Global warming sells.
That is why journalists across the world forget the basic rules of reporting and use quotes from a single source (without cross-checking with other experts in the field) to support the 'peg' of their story.
In 2006, it was reported by some major newspapers of the world that the rising sea water has claimed two islands of the Sunderbans (Bedford or Supuribhanga and Lohachara), of which one (Lohachara) was inhabited. In the process, at least 10,000 people have become homeless. Several other inhabited (and unhabited) islands of the archipelago are in the process of getting 'permanently inundated', it was claimed.
But is that really true? If it is, then how come the island of Lohachara is rising from the waters again? Yes, it's true. A huge landmass is emerging where the Lohachara and a part of the Bedford had once existed. So, does it mean that the sea level is going down? Not actually. So, let us try to find out the real culprit who has rendered the residents of Lohachara homeless.
In his bid to find out the truth, this blogger talked to several hydraulic engineers, oceanologists and scientists of the Geological Survey of India, who have worked in the worst-affected western Sunderbans area for years. And here is what they said: (The following portion of the post was published in The Times of India on April 3, 2009)

The lack of proper dredging — and not global warming — is behind the obliteration of two islands in the Sunderbans, if experts are to be believed. Around 10,000 people were rendered homeless when the Lohachara island vanished from the map in the late 1990s. There is, however, some good news: this island —the first inhabited one in the world to get obliterated — is emerging again. But a wide spectrum of experts — including former hydraulic engineers with the Kolkata Port Trust (KoPT) — refute the global warming theory and say that the lackadaisical attitude of port authorities and lack of proper dredging are to be blamed for the vanishing of Lohachara and Bedford (Suparibhanga) islands. Apart from these two, Ghoramara, a third island in the north of Sagar and only around 120 km from Kolkata, is being eroded with every passing day.
“One shouldn’t blame global warming for the islands vanishing. Several geomorphological changes and other problems were behind the fragile islands eroding. While I was in KoPT, we had submitted a Rs 360-crore plan to solve the navigability problems and improve the draught in the estuary. It was a sevenpoint project, which included building a number of underwater guide walls. But only one of the walls could be built before the scheme got shelved for want of funds,” says Tapobrata Sanyal, former chief hydraulic engineer of Kolkata Port Trust. As the project got shelved, dredging of the estuary was neglected.
There are a number of shallow patches or ‘bars’ in the shipping channel to the Kolkata and Haldia docks. Of these, the Balari bar on the north-west of Nayachar substantially influences the river dynamics of the region. Nayachar island, situated almost in the middle of the Hooghly, virtually divides the river into two channels.
Till the early Eighties, the channel between Nayachar and Haldia (Jellingham-Haldia-Jiggerkhali-Balari channel) was navigable up to Kolkata port. But because of reduced flow (thanks to Farakka barrage and irrigation canals upstream), sediments started getting deposited further up stream (including at Balari instead of compensating erosion in the sea-facing islands.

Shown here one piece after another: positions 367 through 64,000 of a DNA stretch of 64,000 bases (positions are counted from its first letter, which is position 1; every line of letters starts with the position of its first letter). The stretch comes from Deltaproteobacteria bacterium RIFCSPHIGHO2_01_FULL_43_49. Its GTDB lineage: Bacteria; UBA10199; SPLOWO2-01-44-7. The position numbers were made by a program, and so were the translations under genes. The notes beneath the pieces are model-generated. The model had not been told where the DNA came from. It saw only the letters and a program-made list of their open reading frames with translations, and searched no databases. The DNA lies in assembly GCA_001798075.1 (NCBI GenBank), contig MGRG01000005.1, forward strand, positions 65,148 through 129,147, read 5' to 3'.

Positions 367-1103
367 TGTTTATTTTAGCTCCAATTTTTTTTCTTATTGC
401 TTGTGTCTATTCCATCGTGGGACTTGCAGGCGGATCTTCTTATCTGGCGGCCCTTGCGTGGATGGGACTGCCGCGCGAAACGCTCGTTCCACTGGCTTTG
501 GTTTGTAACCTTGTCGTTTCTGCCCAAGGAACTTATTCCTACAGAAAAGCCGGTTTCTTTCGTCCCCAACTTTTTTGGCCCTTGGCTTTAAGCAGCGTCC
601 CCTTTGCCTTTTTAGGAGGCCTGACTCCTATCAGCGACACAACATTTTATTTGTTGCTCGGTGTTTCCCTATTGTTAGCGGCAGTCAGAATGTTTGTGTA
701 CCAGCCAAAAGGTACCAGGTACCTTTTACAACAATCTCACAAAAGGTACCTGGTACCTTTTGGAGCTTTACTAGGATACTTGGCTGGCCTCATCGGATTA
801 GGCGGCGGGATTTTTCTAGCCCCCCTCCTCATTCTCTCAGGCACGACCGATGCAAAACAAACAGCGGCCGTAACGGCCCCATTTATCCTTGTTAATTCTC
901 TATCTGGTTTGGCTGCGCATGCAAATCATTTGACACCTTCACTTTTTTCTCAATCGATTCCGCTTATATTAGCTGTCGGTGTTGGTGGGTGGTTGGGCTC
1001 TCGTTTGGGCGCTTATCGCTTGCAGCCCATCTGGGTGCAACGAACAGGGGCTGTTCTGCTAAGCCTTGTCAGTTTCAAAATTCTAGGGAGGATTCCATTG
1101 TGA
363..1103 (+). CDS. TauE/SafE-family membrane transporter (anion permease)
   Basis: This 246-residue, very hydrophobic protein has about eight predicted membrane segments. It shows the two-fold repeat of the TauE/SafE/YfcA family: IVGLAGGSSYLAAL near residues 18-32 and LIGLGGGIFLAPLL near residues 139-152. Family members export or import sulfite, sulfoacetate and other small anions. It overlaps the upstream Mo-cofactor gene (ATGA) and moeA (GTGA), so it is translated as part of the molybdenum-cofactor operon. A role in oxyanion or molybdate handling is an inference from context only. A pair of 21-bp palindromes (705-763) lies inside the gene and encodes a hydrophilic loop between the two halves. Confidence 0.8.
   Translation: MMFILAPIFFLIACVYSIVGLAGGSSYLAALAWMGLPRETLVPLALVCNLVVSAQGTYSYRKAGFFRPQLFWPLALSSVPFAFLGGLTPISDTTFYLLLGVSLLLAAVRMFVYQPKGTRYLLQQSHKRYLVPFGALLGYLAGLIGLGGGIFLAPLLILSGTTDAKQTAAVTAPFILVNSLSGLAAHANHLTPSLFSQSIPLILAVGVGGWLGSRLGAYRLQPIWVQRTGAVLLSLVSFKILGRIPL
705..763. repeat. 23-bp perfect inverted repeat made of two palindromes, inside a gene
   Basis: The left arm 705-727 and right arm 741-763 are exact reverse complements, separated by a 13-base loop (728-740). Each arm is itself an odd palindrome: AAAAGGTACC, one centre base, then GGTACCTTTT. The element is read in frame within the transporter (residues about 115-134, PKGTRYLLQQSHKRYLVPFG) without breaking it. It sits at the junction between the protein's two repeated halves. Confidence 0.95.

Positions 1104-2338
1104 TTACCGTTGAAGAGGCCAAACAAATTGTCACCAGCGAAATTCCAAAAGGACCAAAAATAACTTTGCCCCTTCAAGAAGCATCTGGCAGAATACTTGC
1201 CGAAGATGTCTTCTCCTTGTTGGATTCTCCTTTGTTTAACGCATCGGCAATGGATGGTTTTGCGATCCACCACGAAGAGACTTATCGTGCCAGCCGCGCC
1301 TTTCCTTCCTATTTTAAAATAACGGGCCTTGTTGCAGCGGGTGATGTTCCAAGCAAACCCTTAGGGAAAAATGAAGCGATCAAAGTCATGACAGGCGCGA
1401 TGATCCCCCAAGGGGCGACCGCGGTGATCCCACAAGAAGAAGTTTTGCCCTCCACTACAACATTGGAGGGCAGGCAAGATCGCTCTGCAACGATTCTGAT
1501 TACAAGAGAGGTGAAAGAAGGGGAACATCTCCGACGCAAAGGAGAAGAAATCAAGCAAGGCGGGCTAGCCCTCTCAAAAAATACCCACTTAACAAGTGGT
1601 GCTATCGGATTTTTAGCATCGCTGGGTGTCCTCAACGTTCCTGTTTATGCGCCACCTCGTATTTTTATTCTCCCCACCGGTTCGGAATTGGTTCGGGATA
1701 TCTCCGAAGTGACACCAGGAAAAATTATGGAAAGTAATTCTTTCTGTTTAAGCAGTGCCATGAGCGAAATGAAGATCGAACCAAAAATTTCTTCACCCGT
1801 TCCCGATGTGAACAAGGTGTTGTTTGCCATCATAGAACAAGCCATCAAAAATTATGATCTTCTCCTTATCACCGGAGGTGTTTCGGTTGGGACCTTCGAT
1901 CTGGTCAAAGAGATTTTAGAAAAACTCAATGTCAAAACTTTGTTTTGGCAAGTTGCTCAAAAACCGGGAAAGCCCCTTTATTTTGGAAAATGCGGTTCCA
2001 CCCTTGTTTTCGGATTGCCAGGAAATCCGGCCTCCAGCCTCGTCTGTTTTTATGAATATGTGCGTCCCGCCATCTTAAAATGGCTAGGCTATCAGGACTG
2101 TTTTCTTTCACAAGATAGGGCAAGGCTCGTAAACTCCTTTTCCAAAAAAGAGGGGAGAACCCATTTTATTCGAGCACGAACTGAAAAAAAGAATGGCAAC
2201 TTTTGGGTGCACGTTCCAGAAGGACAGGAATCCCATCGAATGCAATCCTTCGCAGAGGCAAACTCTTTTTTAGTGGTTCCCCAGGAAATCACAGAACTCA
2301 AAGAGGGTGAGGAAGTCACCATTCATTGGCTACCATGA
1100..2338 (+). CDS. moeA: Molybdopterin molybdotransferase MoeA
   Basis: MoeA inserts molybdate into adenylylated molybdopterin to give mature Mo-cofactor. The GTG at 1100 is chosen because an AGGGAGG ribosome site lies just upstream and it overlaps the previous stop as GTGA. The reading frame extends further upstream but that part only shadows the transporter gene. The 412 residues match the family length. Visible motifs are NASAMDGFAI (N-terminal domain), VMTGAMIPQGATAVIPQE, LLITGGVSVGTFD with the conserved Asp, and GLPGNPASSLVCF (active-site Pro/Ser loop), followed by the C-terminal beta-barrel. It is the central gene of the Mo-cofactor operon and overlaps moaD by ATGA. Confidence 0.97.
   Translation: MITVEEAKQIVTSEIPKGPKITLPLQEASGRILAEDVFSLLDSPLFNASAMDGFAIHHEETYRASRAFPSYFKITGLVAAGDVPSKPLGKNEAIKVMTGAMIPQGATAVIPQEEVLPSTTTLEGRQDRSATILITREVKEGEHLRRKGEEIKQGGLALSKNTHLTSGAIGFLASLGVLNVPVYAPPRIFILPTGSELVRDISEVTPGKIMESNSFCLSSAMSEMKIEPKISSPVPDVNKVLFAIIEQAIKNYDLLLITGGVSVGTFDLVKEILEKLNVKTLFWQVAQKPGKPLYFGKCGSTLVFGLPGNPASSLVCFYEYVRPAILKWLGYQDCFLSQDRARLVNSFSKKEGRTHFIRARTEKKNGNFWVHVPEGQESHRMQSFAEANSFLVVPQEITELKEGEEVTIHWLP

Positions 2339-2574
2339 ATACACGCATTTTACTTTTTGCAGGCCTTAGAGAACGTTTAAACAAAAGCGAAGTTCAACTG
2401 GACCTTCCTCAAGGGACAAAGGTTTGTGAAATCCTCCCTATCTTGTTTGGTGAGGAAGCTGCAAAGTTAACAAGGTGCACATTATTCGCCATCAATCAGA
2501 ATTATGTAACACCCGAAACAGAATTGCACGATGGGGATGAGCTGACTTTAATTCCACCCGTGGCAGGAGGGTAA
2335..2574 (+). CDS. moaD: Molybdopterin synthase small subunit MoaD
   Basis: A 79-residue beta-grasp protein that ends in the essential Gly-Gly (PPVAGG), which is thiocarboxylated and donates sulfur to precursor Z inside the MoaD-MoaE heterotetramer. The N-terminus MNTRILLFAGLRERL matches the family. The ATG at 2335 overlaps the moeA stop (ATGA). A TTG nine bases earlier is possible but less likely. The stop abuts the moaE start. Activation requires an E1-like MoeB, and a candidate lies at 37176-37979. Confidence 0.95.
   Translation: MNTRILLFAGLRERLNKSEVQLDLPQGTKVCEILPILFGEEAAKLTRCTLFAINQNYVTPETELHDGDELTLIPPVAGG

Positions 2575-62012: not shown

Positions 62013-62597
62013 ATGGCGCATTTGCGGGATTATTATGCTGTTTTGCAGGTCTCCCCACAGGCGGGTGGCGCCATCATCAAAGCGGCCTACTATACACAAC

As the riverbed at Balari became more and more shallow, the main downward flow of the river took the Rangafalla channel on the east ern side of Nayachar, there by eroding the islands of Lohachara, Bedford and Ghoramara. According to Sanyal, this could have been avoided had his plan been implemented. Two underwater guide walls (in the north and south of Nayachar), three bank protection walls and a wall to protect Lohachara, Bedford and Ghoramara were supposed to be constructed. But only the northern guide wall could be built before the scheme was grounded. And had the protection wall been built along the western side of the three vulnerable is lands according to the plan Lohachara and Bedford may still have been there.
R K Burman, secretary Haldia Dock Officer’s Forum too, blames the unfinished project for the islands van ishing. “They neither did capital dredging at Balari, nor built the spurs. They only built the northern guide wall. That’s the reason behind the stronger ebb-time flow through the Rangafalla channel, which eroded the islands. This happened due to a lack of will on the part of KoPT and its chairman. Recently, KoPT has taken up a Rs 40-crore scheme to save Ghoramara, but it’s too late.”
When asked about the vanishing islands, KoPT chairman A K Chanda said, “I don’t have the expertise to comment on the subject. I have to talk to our hydraulic engineers.”
Whatever be the views of global warming theorists and the port authorities, the residents of Ghoramara, which is the most threatened island at the moment, squarely blame KoPT for the crisis. Sheikh Ziad Ali (64), former pradhan of Ghoramara, said, “The erosion here started in the early Eighties, when the port trust started building an underwater bundh and diverted the Kolkata-bound shipping route through Rangafalla. The waves created by the ships started eroding the islands.”
Cognizant techie Subrata Jana, who hails from Ghoramara, too, feels that it is because of the unfinished KoPT project that his island is being eroded. “Had it been because of global warming then the whole island would have been submerged,” he says.
Asked about the “inundation” of the islands, local MLA Milan Porua said, “It’s not right to say that the islands are getting inundated because of sea level rise. The reason is natural river dynamics.”
Tuhin Ghosh of Jadavpur University’s department of oceanography said, “It is because of the eastward tilt of the tectonic plate and changes in river dynamics that the islands are washed away. And there has not been any major study to prove that river dynamics did not play a major role behind the vanishing of Lohachara and Bedford.”
R K Pachauri, chairman of the Nobel-winning IPCC, said, “It would be inappropriate for me to comment on Lohachara without being fully apprised of the precise factual circumstances surrounding its disappearance.”